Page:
One of the Seattle’s areas most successful tech entrepreneurs is launching a new foundation to raise the profile of computer science education at schools across the country.
Hadi Partovi said the foundation he’s starting with his twin brother, Ali, will work to increase computer science literacy by making it part of schools’ curriculum on par with math and science classes.
“My long-term vision or goal is every school in the country should offer the opportunity to learn computer science,” he said.
Partovi said 41 of 50 states don’t count computer science coursework toward high school graduation, and only 2,100 of the nation’s 40,000 high schools offer advanced placement courses in computer science.
At the same time, “the No. 1 job-creating engine in math and sciences is computer science.”
The field has been good to Partovi, 40.
After working at Microsoft in the mid 1990s, he co-founded voice services company Tellme, which was later sold to Microsoft for a reported $800 million. Back at Microsoft, Partovi was general manager of MSN before he left in 2006 to start music service iLike with Ali, who is based in San Francisco. They sold the company to MySpace in 2009.
Hadi Partovi went on to become an early investor to Facebook, Dropbox and other tech ventures.
“I have enough money to live the life I want to live. Investing hasn’t been floating my boat enough,” he said. “For the forseeable future I’m committed to solving this problem.”
Education is “near and dear to my heart,” Partovi said, since his father co-founded Sharif University in Tehran, a top technical school in the Middle East. Later his father became a physics researcher at MIT, bringing the family to the U.S. in 1984 — and at Harvard, where Hadi and Ali studied.
Hadi Partovi paid his way through college teaching computer science to younger classes and more recently taught high school students at a Seattle Center workshop last summer.
The foundation plans to start by developing a database of every school in the country that offers computer programming courses.
Then it will begin a marketing and advocacy campaign aimed at making computer-science literacy a topic of national discussion.
Its profile could be raised in part by a professionally produced video that’s being released next month, featuring luminaries such as Bill Gates and Mark Zuckerberg discussing the importance of computer science education. It will be distributed to teachers across the country.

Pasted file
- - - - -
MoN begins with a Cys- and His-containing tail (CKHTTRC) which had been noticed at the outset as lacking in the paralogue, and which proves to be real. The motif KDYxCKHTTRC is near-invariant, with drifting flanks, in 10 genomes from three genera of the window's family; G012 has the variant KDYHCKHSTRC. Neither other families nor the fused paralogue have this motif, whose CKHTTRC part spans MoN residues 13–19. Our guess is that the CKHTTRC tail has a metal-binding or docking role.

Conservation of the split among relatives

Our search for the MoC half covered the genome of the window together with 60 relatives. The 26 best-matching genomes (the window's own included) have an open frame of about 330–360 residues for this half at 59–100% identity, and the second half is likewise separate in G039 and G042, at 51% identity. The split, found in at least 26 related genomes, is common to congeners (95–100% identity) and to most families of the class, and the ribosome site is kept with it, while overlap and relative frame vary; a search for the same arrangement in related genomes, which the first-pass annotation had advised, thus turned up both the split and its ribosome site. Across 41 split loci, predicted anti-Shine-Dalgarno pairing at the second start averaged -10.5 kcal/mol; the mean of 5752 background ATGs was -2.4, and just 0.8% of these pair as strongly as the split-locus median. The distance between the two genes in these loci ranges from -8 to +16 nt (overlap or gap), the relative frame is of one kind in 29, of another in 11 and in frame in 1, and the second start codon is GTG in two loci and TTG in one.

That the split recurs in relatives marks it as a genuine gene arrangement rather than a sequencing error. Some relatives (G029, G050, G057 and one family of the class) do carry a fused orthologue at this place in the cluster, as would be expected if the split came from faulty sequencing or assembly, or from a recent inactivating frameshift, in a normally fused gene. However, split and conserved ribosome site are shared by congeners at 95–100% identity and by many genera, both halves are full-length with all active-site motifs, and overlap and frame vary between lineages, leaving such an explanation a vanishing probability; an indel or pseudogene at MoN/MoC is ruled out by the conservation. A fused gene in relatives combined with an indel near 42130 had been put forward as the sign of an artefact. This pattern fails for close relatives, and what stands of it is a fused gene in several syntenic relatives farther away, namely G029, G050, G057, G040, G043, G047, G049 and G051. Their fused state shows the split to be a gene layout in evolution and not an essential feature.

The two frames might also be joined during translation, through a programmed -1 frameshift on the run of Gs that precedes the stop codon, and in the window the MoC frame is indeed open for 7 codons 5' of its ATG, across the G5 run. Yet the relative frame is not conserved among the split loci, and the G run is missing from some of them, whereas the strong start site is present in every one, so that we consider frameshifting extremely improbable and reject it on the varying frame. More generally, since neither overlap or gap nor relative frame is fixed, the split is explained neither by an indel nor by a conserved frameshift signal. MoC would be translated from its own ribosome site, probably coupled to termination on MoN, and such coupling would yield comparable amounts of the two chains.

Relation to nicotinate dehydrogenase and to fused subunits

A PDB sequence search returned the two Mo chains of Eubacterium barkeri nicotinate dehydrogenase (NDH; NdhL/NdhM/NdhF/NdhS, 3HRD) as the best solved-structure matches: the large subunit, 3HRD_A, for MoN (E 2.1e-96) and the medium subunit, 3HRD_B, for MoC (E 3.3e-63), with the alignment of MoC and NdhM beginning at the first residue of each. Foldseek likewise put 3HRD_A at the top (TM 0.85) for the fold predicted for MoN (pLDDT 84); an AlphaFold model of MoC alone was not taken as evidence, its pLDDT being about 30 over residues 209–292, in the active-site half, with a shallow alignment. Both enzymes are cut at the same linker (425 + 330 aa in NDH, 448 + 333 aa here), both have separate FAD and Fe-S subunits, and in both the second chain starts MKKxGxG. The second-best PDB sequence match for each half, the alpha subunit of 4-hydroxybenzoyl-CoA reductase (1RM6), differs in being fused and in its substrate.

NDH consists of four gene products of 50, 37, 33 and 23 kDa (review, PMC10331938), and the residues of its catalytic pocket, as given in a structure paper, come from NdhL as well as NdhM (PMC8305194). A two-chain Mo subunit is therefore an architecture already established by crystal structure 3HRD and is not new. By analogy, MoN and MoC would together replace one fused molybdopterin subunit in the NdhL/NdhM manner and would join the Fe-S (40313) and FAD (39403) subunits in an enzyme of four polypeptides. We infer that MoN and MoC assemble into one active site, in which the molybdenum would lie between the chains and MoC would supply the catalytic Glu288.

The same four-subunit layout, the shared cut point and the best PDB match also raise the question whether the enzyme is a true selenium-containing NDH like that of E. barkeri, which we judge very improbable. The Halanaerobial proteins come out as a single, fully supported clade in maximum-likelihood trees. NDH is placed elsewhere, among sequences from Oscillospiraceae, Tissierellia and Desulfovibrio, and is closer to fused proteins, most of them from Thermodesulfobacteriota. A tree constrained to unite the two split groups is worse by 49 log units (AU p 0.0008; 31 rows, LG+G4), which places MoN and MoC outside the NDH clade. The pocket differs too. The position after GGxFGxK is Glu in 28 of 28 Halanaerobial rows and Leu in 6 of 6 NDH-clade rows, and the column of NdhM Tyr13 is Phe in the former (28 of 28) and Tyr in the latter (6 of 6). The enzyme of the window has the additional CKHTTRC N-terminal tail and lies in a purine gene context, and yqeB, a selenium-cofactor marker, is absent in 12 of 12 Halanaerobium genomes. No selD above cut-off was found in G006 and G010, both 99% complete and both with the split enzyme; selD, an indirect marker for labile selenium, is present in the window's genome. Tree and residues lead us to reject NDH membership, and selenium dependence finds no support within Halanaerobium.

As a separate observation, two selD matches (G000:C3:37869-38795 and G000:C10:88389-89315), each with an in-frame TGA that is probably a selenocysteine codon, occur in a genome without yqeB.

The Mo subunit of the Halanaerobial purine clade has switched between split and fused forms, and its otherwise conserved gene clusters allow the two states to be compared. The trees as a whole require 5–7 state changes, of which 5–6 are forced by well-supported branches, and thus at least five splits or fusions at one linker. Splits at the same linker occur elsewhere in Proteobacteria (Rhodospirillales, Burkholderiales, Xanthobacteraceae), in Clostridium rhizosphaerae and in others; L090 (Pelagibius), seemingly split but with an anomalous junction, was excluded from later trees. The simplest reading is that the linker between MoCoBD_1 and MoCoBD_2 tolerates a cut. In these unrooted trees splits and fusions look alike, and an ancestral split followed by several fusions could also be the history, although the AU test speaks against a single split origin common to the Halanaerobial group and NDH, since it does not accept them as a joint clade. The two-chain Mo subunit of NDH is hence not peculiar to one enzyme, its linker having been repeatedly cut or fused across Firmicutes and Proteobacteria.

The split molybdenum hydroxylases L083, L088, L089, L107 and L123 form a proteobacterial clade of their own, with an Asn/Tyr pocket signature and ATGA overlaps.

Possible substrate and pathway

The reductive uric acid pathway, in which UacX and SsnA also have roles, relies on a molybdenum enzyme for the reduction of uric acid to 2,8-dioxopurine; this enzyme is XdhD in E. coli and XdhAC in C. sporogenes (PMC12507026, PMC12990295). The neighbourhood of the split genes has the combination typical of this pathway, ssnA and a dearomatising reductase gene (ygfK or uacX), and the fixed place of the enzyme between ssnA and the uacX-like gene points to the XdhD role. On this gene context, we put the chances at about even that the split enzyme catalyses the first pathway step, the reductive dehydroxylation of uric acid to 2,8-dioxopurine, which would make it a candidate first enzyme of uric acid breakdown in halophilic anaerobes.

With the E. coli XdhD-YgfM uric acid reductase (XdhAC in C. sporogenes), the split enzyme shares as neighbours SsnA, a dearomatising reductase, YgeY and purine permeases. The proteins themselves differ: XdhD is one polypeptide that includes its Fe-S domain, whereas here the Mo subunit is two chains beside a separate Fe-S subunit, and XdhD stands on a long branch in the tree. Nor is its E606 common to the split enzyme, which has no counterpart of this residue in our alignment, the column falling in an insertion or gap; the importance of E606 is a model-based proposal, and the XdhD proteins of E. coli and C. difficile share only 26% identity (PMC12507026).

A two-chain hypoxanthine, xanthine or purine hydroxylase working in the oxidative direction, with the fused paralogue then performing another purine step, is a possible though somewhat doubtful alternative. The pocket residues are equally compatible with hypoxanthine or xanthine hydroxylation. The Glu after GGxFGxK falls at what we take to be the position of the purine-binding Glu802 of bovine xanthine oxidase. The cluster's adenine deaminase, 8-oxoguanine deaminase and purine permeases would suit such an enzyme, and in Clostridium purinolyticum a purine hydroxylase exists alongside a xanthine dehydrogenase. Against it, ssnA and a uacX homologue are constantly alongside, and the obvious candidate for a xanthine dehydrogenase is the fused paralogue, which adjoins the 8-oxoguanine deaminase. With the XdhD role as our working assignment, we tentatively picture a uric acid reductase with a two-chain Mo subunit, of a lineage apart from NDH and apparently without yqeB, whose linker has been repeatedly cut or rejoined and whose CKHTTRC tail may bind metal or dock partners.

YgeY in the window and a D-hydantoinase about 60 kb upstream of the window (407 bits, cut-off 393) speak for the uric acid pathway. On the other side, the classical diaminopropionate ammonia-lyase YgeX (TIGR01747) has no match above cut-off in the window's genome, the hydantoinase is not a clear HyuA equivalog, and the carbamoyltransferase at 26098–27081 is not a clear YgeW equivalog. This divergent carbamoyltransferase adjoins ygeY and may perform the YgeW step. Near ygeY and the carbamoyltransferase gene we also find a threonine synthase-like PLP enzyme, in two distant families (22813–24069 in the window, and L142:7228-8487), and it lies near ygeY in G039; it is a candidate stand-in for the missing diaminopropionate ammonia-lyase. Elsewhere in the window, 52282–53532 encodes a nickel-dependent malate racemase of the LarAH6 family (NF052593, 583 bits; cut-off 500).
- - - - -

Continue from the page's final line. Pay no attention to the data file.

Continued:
Partovi sees expanding computer science education as a way to create opportunity for students and help the country, which is expected to see demand for more than a million new programmers over the next decade. If they receive salaries of $100,000, the economic opportunity is $100 billion a year — “almost double the recent fiscal cliff,” he said.
“This is something I think of as, ‘How do we help a student growing up with a low opportunity life find a way into a high opportunity life?’ But also, ‘How do we solve some of the economic problems in the country without a big fight?’ ”
Partovi said the idea is to spark interest by exposing students to computer science, perhaps through an introduction to programming class that every student takes. Students who get interested in the field may pursue further studies on their own.
“I don’t think we need to pay teachers to teach everything to our kids,” he said. “What we mostly need to do is get teachers and schools to get kids interested.”
The Partovis hope to work with other organizations exploring ways to expand computer science education, including groups working on ways to deliver curriculum via computers and overcome the shortage of qualified teachers.
Also planned are alliances with technology companies that can lend their influence and perhaps financial support to the effort. Partovi said they want to raise more than $10 million.
“What is needed,” he said, “is more of a catalyst for the education system to react to the realities of the world.”